”Participants completed a word task and math task (block-design) while neural activity was measured using fMRI. Thirty-two blocks of each task-type (16 hard blocks and 16 easy blocks; 4 trials/block) were randomly interleaved and spread over 8 functional runs. In the math task, participants verified whether arithmetic problems of the form (a*b)−c = d were correct, where a≠b, c>0, d>0. For hard math problems, 5≤a≤9, 5≤b≤9 (a*b≥30), 15≤c≤19; subtracting c from a*b always involved a borrow operation; for foil problems, d±2. For easy math problems, 1≤a≤9, 1≤b≤9 (a*b≤9), 1≤c≤8; subtracting c from a*b never involved a borrow operation; for foil problems, d±1.

In the word task, participants verified whether a word, if reversed, spelled an actual word (e.g., reversing the string yrestym generates mytsery, which is not an English word, so participants should respond ‘no’).

For the word task, hard trials were seven letters in length; easy trials were four letters in length. Behavioral differences were not found between easy-math and easy-word tasks for either group (
Table 1 ). In contrast, HMA participants performed significantly worse on the hard-math relative to hard-word task, replicating prior research showing that high-math-anxious individuals underperform on difficult math problems relative to difficulty matched non-math tasks [20] . Given that we found behavioral differences only between the hard-word and hard-math tasks, only the hard-blocks are analyzed below.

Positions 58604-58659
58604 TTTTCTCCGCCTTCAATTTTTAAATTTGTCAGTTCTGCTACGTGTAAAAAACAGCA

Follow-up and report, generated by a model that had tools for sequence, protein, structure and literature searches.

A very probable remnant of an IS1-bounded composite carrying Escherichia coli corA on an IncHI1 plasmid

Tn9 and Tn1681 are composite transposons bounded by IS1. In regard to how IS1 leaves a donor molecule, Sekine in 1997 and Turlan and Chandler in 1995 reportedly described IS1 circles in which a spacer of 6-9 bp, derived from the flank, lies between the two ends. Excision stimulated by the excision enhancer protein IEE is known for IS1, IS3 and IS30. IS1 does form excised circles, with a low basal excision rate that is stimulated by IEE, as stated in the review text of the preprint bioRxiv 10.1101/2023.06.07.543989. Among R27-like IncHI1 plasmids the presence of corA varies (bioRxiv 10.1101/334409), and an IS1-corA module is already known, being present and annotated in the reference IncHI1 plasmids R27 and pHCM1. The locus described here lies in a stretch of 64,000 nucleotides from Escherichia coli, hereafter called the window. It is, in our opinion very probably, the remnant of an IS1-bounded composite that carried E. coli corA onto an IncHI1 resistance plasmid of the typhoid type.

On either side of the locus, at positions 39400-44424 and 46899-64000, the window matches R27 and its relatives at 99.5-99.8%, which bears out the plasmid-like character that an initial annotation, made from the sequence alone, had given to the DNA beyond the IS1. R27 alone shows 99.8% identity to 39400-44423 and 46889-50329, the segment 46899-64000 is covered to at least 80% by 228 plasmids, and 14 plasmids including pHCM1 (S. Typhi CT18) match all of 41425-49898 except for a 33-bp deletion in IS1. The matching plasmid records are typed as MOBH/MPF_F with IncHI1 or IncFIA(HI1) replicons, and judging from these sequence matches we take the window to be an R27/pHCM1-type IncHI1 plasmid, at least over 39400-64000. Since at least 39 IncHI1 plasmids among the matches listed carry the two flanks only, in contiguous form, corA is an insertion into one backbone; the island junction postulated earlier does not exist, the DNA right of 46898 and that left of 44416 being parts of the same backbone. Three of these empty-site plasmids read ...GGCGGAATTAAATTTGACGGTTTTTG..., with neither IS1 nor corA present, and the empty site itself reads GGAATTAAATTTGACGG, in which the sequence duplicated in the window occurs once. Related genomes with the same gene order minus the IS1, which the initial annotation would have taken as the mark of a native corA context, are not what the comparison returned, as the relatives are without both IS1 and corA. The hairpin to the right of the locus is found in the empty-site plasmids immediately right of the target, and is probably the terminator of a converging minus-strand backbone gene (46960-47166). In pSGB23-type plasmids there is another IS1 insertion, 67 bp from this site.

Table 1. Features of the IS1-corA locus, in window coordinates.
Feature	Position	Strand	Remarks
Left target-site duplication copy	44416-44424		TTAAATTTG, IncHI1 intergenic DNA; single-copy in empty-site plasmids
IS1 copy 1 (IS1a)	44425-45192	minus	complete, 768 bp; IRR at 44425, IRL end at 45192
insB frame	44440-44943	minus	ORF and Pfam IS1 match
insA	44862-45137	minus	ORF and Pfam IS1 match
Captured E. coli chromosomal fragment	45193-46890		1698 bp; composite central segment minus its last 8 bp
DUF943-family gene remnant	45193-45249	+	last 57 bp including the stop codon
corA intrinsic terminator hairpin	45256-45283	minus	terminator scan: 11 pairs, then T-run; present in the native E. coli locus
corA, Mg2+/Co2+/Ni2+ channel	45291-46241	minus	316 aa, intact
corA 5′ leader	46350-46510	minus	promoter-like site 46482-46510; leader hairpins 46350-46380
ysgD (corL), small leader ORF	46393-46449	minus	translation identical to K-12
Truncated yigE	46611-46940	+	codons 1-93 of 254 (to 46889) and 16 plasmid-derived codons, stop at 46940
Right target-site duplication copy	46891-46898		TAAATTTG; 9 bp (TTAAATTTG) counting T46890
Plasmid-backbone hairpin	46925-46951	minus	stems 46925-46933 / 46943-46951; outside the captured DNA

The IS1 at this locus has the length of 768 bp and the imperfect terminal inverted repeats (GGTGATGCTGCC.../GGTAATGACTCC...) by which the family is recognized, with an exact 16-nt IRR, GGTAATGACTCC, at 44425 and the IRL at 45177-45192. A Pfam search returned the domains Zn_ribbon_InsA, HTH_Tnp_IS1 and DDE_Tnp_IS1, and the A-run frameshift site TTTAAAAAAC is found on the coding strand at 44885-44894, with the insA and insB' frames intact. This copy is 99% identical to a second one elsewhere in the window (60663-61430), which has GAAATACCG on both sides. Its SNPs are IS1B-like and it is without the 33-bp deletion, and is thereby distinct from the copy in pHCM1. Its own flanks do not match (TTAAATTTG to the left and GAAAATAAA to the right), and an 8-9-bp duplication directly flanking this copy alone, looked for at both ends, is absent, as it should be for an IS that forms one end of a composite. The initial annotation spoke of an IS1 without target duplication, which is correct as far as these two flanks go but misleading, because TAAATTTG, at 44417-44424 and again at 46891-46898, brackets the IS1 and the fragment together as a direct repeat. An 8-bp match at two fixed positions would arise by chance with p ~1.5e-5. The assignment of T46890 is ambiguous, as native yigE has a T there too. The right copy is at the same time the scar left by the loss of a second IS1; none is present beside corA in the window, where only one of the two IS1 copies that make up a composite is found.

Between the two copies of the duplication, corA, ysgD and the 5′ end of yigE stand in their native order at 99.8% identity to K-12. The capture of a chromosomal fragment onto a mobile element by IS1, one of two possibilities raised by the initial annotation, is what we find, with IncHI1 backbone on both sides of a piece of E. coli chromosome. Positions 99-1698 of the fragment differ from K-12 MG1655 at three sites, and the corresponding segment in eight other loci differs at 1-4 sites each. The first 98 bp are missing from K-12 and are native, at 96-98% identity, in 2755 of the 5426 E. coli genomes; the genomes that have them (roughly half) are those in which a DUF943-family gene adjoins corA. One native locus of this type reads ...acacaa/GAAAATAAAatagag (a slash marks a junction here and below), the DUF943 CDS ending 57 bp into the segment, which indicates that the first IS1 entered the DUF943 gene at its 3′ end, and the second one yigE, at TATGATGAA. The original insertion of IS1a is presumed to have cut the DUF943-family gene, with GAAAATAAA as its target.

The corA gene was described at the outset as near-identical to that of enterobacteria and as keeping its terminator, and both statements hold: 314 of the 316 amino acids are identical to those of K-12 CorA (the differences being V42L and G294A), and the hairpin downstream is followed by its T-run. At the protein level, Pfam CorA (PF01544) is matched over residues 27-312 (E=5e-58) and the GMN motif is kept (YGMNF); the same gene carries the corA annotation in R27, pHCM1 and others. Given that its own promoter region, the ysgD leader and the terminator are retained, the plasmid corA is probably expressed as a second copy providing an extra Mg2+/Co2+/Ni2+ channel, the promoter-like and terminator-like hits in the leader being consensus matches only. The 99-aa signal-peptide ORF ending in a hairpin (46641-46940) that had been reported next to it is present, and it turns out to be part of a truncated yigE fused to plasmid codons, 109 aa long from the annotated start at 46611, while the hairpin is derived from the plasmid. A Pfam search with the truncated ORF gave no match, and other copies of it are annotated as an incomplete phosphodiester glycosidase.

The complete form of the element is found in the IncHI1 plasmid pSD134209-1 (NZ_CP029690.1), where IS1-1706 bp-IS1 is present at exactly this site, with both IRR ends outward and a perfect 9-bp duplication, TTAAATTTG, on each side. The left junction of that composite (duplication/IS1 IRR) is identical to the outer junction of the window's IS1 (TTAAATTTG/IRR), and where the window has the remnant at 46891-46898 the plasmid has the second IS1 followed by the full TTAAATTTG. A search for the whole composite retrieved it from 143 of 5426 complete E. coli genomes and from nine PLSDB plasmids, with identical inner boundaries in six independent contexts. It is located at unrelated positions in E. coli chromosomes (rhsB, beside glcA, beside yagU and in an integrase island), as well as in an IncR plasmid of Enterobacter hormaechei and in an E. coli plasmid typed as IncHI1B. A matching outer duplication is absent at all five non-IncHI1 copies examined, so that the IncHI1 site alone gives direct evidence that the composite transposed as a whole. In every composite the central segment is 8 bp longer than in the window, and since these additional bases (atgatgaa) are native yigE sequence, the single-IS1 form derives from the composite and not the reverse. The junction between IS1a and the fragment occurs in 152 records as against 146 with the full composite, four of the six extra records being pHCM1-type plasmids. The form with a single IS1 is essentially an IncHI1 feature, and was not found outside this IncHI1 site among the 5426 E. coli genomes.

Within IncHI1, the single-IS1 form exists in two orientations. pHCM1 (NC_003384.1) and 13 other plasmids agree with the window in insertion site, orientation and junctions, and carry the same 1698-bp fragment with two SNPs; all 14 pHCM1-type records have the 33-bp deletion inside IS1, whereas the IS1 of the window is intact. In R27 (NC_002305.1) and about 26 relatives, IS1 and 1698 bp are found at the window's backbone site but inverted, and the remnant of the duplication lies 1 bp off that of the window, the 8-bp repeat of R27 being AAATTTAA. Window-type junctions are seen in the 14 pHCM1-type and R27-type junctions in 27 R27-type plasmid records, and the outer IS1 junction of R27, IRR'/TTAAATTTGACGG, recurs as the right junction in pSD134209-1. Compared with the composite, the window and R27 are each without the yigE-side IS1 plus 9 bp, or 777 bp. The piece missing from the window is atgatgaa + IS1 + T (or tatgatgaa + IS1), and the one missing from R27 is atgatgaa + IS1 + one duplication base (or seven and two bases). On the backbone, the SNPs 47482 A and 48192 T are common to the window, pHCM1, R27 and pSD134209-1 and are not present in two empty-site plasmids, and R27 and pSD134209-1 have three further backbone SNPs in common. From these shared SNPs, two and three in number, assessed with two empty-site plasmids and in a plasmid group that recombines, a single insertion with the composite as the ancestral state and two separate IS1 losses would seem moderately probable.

MRI data were acquired using a 3 Tesla Philips Achieva scanner with an 8-channel Philips Sense head-coil. A T2*-weighted echo-planar imaging sequence was used to acquire functional images covering the whole brain (32 axial slices) with a repetition time (TR) of 2000 ms and an echo time of 25 ms (ascending acquisition; FOV: 240×240×127.5 mm; 80×80×32 matrix; flip angle: 80°). In-plane resolution was 3×3 mm and the slice thickness was 3.5 mm (0.5 mm skip). Signal from the orbital frontal cortex (OFC) and surrounding tissue was recovered using additional volume shimming with a box of 60×60×60 mm centered on the OFC area. This method utilizes multiple ‘pencil beam’ acquisitions to compute shim values (algorithm provided by Philips). High-resolution anatomical images were acquired (axial plane: 300 slices; slice thickness: 1.2 mm, −.6 mm gap; x-y dimensions: 1.04×1.04; FOV: 250×250×180 mm, 240×240×300 matrix) with a standard Philips T1-weighted SENSE-Ref sequence.

Our data go beyond these results and suggest that even anticipating an unpleasant event is associated with activation of neural regions involved in pain processing.”


http://www.plosone.org/article/info%3Adoi%2F10.1371%2Fjournal.pone.0048076